In AAP's Gujarat Campaign, Lessons Learnt From Punjab
Delhi Chief Minister Arvind Kejriwal’s party AAP is hoping to throw a spanner in the works for both the BJP, which has ruled Gujarat for two decades, and the Congress, which is hoping to finally capitalize on the anti-incumbency wave.
Representative image (Image: Reuters)
New Delhi: The Aam Aadmi Party (AAP) will launch its campaign for the Gujarat Assembly elections on Gandhi Jayanti, just three months ahead of polls.
Delhi Chief Minister Arvind Kejriwal’s party is hoping to throw a spanner in the works for both the BJP, which has ruled the western state for two decades, and the Congress, which is hoping to finally capitalize on the anti-incumbency wave.
Whether AAP is able to shrug off the “spoiler” tag remains to be seen but one thing is certain. Successive election losses in Punjab, Goa and Delhi municipal elections have taught the party some lessons which it is keen to adapt.
Toning down the hype
In Chandigarh’s sector 16 is a bungalow that in late January this year doubled up as the “war room” of the AAP’s Punjab unit. On the first floor balcony was a white board that had a three-digit number written in bold. “107,” it said. When asked what the number signified, an AAP functionary said this was the number of seats in the 117-member Punjab assembly that the party was hoping to get. The result, with AAP winning just 20 seats, was much below the expected number.
AAP’s claims of “pre-poll surveys” giving it a thumping majority are not new. In the 2013 Delhi assembly elections, the AAP claimed it would win 40-50 seats but it ended up with 28. In the 2016 Municipal Corporation of Delhi (MCD) bypolls, it predicted 13 but ended up with just 5. In Goa, where Arvind Kejriwal predicted a “clear majority” with 21 seats, they failed to even open their account. The MCD polls, a prestige battle in their home ground, came as an even bigger shock when they got just 47 seats as opposed to their claims of 218.
This time, however, the party is hoping to avoid such embarrassment. The AAP is a new entrant in a state where the BJP and Congress organizational strength is unmatched. When asked what they expect from the Gujarat polls, AAP leaders just shrug and say, “Kuch bhi ho sakta hai (Anything can happen)”.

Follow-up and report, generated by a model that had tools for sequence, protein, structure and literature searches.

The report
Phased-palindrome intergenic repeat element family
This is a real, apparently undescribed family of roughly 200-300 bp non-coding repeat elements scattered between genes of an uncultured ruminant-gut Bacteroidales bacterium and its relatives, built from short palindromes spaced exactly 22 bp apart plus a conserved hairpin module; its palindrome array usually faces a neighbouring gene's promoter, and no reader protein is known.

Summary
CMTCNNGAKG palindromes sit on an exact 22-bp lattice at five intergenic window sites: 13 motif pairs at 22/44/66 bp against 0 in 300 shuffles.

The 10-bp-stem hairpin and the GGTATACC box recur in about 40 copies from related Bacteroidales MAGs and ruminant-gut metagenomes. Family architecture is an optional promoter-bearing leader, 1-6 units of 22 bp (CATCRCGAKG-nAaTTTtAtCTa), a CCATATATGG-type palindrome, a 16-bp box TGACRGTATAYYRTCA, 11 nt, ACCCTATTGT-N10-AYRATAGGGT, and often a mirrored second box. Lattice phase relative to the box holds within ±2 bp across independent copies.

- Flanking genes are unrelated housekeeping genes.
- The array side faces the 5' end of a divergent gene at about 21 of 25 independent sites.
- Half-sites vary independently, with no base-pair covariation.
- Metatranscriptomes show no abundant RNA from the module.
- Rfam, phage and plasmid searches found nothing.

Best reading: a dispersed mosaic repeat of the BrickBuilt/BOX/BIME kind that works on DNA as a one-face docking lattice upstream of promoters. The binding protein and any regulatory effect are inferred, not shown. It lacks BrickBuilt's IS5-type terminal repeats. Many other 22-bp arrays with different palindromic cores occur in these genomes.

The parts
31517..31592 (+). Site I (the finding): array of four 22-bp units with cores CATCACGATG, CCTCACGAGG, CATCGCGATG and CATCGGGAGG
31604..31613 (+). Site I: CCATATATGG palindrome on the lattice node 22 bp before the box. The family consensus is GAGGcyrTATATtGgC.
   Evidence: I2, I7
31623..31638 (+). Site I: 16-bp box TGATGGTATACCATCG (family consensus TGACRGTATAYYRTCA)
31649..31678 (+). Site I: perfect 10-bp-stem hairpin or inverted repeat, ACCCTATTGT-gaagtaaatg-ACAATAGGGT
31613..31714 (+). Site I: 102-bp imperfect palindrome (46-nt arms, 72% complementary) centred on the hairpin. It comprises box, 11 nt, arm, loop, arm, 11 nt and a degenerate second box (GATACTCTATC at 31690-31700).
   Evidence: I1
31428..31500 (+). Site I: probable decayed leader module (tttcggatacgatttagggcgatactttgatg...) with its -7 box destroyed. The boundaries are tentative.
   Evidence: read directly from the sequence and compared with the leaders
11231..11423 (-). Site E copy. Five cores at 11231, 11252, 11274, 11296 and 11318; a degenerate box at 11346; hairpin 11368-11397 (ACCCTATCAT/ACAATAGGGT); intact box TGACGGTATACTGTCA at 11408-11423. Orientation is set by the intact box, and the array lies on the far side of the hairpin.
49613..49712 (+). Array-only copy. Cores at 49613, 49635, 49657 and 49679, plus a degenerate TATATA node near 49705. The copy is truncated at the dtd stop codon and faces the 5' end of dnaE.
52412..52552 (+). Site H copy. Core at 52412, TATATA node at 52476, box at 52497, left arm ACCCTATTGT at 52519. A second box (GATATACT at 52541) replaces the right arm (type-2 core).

Not peaking early
The Punjab AAP campaign was long drawn out and lasted for over a year. Over six months after the results crushed the party’s hopes of coming to power in a full state, sources close to Kejriwal admit they peaked too early. “We fought a spirited campaign in Punjab but we campaigned too early. Captain Amarinder Singh pushed hard only in the last three months and that was the most crucial period of the campaign. People had already heard our side of the story by the time Captain went to them. That is a mistake we are not going to repeat,” said a senior AAP leader.
As a result, they have left it to the last three months before the campaign even begins. “We are a new party in Gujarat and we want our message to remain fresh in the minds of the voter when he or she goes to the polling booth,” the source said.
Using Kejriwal sparingly
After the Punjab elections, the BJP pummeled Kejriwal with the image of him being a non-resident CM of Delhi. The party had to then suffer losses in the MCD elections. But this time, while Kejriwal will be the “face of the campaign”, he may not enter the fray himself until much later.
AAP Delhi state convener Gopal Rai, who is heading the campaign in Gujarat, said, “On October 2, we are launching our campaign with a roadshow. I will be heading that roadshow myself. Other leaders will join the campaign as and when required.”
There is no word yet on when Kejriwal himself will join. One party leader said, “For now, he is going to stay in Delhi and focus on governance.”
Not biting on more than they can chew
In 2014, Kejriwal quit as Chief Minister after 49 days in office. The party then went on to contest the Lok Sabha elections, which proved to be too much for the infant party. AAP emerged victorious in only 4 out of 543 seats. “For a party with limited means,” said a leader, “it was a mistake to contest on so many seats. We are going to be very practical about the Gujarat polls and only contest seats on which we are confident.”
Gopal Rai said, “We will only contest a seat if we have a good candidate for that seat. Another criteria is that we need to have a booth-level in-charge of every booth in a particular assembly segment for us to contest.”
Back to basics
After a win in the Bawana bypoll, AAP cadre are upbeat. Gopal Rai, who also headed the campaign in Bawana, said the party was going to rely on “tried and tested” campaign strategies.
“Our biggest strength,” said Rai, “is our door-to-door campaigning and booth-level management. We are going to employ those means of campaigning. What we lack in finances, we make up in terms of enthusiasm. We have highly committed volunteers who will make sure our message reaches the people.”
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